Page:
March 23, 2001
1. Since the staff report (SM/01/81) was issued, some additional data have become available on the current economic situation in Canada. The unemployment rate remained unchanged in February at 6.9 percent, following a slight rise in January; employment, however, declined in February, after posting only a modest rise in January. Most of the decline was accounted for by the manufacturing sector. A substantial fall in the participation rate in February kept the unemployment rate from rising. Also in February, core consumer price inflation remained unchanged at 2 percent (12-month rate), the mid-point of the official target range of 1–3 percent. The overall CPI declined slightly to 2.9 percent, largely reflecting lower energy prices. Growth in retail sales remained strong in January, rising by 0.6 percent, broadly in line with the growth experienced in the closing months of 2000.
2. The most recent consensus forecast for Canadian GDP growth in 2001 has been reduced from 2¾ percent in February to just under 2½ percent in March, broadly in line with the staff’s forecast. However, uncertainty regarding prospects for the Canadian economy has increased, particularly as the risk of a more pronounced downturn in U.S. economy activity appears to have risen in light of the events of the past couple of weeks. Notwithstanding these developments, the thrust of the appraisal in the staff report remains unchanged. In particular, monetary policy should be the main instrument used in attempting to sustain the economic expansion, and the authorities will have to be flexible, poised to act promptly and firmly to lower interest rates should indications of an excessive slowing in Canadian economic activity begin to emerge. The Bank of Canada reduced interest rates by 50 basis points to 5¼ percent on its scheduled monetary policy announcement date of March 6, 2001. The next scheduled monetary policy announcement date is April 17.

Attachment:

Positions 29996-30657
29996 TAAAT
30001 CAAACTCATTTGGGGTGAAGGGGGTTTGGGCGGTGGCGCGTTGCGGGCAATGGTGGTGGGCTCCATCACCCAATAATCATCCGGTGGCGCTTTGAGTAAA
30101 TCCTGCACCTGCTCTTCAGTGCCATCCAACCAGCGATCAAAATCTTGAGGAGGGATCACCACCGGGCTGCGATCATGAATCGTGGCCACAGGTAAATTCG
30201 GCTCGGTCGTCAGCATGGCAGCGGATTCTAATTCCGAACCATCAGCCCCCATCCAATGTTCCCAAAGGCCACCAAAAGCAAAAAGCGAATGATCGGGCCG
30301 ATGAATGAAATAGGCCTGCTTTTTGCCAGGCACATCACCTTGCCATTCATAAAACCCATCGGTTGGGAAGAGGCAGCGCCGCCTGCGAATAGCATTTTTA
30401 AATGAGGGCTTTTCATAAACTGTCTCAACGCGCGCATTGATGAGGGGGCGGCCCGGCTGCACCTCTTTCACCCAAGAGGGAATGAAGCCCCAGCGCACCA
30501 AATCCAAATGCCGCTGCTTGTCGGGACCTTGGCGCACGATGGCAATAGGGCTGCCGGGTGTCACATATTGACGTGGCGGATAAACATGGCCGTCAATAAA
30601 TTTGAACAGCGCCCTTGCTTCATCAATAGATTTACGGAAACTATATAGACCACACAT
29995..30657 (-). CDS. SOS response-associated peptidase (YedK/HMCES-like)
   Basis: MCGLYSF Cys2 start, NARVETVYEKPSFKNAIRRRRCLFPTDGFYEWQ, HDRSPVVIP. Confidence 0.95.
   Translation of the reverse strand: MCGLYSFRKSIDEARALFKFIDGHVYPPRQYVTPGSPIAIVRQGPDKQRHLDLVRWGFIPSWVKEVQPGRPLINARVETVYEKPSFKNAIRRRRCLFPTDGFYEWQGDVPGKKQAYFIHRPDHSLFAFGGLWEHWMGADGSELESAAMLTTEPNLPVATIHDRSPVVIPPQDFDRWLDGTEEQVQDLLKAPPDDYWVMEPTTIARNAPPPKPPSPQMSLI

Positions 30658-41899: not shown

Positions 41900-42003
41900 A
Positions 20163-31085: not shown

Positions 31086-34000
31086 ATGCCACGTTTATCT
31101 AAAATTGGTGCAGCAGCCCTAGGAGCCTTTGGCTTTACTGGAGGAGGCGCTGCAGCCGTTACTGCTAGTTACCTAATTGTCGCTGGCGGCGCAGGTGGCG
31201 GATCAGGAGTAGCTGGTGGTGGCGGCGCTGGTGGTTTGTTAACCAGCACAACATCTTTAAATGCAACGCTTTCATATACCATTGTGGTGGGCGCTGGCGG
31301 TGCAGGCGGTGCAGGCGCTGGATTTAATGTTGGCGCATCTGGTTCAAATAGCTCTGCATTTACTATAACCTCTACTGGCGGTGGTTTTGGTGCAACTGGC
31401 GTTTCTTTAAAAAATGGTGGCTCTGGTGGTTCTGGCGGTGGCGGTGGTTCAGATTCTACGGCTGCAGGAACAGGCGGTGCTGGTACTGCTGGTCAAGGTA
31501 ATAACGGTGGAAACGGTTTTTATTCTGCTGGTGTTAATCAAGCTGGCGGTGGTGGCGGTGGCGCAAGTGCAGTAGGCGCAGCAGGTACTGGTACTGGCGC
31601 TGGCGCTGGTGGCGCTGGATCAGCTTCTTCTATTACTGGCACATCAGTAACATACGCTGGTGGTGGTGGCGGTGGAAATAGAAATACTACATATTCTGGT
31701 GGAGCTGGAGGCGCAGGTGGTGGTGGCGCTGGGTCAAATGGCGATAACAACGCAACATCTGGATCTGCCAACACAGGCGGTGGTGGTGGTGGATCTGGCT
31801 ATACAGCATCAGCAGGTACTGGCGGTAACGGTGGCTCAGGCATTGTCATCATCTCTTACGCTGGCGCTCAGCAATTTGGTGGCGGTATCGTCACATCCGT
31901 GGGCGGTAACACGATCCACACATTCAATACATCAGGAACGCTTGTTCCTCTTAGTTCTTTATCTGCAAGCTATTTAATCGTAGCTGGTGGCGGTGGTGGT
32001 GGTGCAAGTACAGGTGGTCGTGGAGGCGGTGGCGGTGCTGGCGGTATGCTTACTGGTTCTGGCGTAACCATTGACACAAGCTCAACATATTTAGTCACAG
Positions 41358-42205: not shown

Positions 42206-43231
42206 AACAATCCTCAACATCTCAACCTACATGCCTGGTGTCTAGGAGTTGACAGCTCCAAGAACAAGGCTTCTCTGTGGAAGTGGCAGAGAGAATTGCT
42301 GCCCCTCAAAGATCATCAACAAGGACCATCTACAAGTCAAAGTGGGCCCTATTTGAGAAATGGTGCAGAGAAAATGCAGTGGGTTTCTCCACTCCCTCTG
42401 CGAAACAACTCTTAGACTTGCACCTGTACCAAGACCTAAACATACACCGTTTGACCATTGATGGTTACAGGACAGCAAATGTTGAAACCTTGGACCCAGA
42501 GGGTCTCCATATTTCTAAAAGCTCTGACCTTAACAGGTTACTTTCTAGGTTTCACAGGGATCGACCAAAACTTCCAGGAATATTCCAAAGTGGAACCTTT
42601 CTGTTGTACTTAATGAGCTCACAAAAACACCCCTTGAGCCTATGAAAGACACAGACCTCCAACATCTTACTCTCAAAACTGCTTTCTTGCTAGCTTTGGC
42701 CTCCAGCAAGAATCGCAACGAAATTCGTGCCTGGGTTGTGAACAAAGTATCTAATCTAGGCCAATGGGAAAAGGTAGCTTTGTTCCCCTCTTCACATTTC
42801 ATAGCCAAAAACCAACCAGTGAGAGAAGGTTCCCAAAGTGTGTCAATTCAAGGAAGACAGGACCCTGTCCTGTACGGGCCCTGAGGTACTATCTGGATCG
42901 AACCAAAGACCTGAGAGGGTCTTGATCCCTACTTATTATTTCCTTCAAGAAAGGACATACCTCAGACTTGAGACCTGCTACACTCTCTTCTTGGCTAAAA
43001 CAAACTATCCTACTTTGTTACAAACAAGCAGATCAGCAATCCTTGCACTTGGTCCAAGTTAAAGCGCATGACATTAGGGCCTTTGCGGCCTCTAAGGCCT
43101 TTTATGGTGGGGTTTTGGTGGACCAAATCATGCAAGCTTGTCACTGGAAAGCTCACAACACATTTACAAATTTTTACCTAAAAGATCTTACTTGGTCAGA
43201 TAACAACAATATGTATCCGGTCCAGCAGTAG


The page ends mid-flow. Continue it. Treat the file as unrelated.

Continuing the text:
3. Following the recent Canadian and U.S. interest rate cuts, short-term yields on Canadian government securities declined, but they continue to slightly exceed those in the United States. The differential for long-term yields has widened from about 25 basis points in late February to about 40 basis points in mid-March. The Canadian dollar has depreciated from about 65½ U.S. cents in late February to 63¾ U.S. cents in mid-March, partly reflecting the continued weakness of non-energy commodity prices in early 2001.